was equally extraordinary. Thereafter there were fruitless and bitter 
exchanges, long attempts at negotiation to try to find a way out. Both 
sides stuck to their positions and the results are well known. 

Predictably, the passage of the Legislation and the election of 
the Legislative Council led inevitably to the dismissal of the Council 
in 1997 and the appointment of a Provisional Council. Things might 
have been quite different if only those letters had come to the surface 
earlier, or if Governor Wilson had continued in office. But hindsight 
is an easy art to practice. 

Those last five years with agreement on the elections in place, 
and the "through train" approved by both sides was an opportunity 
for Hong Kong to work more closely with the Mainland authorities 
and to get to know China. I had envisaged the Governor and his 
principal officials travelling frequently to China establishing the 
framework and channels for future co-operation. Regrettably, this did 
not happen. The determination of the Governor, with the support of 
the British government, to exploit areas in the Basic Law, which 
were not spelt out in detail, to change understood and established 
systems from what was intended by them, and to set aside a serious 
exchange of letters between the two Foreign Ministers as not being 
legally binding, resulted in the first and last visit of Mr. Patten, as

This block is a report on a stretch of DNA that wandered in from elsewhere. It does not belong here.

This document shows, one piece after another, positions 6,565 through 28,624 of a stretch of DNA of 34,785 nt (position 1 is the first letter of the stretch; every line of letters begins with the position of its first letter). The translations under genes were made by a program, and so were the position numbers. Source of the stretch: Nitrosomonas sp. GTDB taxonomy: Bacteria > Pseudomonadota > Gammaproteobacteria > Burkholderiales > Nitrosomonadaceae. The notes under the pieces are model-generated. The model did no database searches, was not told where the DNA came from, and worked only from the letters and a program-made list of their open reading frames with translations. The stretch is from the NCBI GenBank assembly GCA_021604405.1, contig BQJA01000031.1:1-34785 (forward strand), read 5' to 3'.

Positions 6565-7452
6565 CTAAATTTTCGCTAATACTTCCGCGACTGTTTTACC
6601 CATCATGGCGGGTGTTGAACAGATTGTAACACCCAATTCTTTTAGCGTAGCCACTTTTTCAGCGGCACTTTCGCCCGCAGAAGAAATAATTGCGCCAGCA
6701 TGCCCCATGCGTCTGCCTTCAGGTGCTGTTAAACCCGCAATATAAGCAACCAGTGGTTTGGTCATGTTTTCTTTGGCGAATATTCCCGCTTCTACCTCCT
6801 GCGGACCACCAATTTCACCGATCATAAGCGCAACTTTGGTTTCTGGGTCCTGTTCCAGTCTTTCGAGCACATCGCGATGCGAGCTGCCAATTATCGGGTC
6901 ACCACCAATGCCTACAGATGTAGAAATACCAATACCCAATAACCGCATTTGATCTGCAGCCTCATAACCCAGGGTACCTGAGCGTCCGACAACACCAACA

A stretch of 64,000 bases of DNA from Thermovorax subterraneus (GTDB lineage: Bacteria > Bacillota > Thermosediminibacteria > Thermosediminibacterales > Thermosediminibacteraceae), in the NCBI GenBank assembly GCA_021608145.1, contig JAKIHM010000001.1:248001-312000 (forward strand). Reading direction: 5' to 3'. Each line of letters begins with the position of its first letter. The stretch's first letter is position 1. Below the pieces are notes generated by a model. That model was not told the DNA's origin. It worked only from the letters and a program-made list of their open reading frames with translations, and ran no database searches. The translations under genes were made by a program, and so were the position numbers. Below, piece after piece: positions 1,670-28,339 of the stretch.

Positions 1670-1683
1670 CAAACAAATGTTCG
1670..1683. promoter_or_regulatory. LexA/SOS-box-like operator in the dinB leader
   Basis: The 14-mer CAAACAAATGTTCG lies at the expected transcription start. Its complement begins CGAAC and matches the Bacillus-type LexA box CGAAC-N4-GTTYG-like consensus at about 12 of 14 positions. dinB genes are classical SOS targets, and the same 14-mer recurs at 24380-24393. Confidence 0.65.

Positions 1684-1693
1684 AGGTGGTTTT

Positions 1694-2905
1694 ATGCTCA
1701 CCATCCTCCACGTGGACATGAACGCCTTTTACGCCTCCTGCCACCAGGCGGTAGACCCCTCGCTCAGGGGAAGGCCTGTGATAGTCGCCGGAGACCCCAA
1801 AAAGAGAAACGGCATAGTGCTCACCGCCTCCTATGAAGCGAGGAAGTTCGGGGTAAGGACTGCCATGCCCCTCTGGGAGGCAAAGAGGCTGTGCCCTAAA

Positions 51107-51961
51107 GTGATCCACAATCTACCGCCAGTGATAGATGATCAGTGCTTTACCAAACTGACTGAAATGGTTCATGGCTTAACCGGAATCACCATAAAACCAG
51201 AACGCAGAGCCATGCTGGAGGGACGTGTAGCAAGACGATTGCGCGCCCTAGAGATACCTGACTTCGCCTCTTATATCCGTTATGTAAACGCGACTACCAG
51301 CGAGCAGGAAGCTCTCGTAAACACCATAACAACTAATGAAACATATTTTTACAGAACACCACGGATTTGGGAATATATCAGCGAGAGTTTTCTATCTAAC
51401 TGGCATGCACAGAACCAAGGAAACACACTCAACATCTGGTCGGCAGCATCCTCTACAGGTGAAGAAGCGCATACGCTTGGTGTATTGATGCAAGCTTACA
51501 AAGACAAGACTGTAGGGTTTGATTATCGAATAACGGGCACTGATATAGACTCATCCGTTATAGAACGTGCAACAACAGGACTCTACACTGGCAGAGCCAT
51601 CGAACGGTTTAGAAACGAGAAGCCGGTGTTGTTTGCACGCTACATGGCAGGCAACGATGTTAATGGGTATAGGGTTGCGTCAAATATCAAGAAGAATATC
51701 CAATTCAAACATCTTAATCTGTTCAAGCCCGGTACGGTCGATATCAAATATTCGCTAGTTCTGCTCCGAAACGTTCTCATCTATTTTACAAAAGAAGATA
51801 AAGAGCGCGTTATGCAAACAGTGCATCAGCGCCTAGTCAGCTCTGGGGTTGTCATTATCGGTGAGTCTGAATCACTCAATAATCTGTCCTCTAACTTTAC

Governor, to Beijing taking place in 1992. From then on the level of 
serious exchange between Hong Kong senior officials and their 
counterparts in China, was less than there had been in the ten years 
immediately after the Cultural Revolution. 

I have tried, at some length, to provide an apologia, a defence, 
for the failure of the Hong Kong Government with the support of the 
British Government, not to introduce democracy, an elected 
Government, earlier than was done. Perhaps there were occasional 
windows of opportunity when a jump start might have been possible, 
but even this has to be viewed against well-researched and 

56 David Akers- J ones 

documented apathy and indifference in the community for political 
development and I believe, considering the severe handling by the 
Central Peoples' Government of the reforms introduced by the last 
Governor, Christopher Patten, it can be said with some certainty that 
any changes introduced before the Basic law was in place and 
without China's blessing, would have had no chance of survival. 

After the successful achievement in 1984 of an agreement about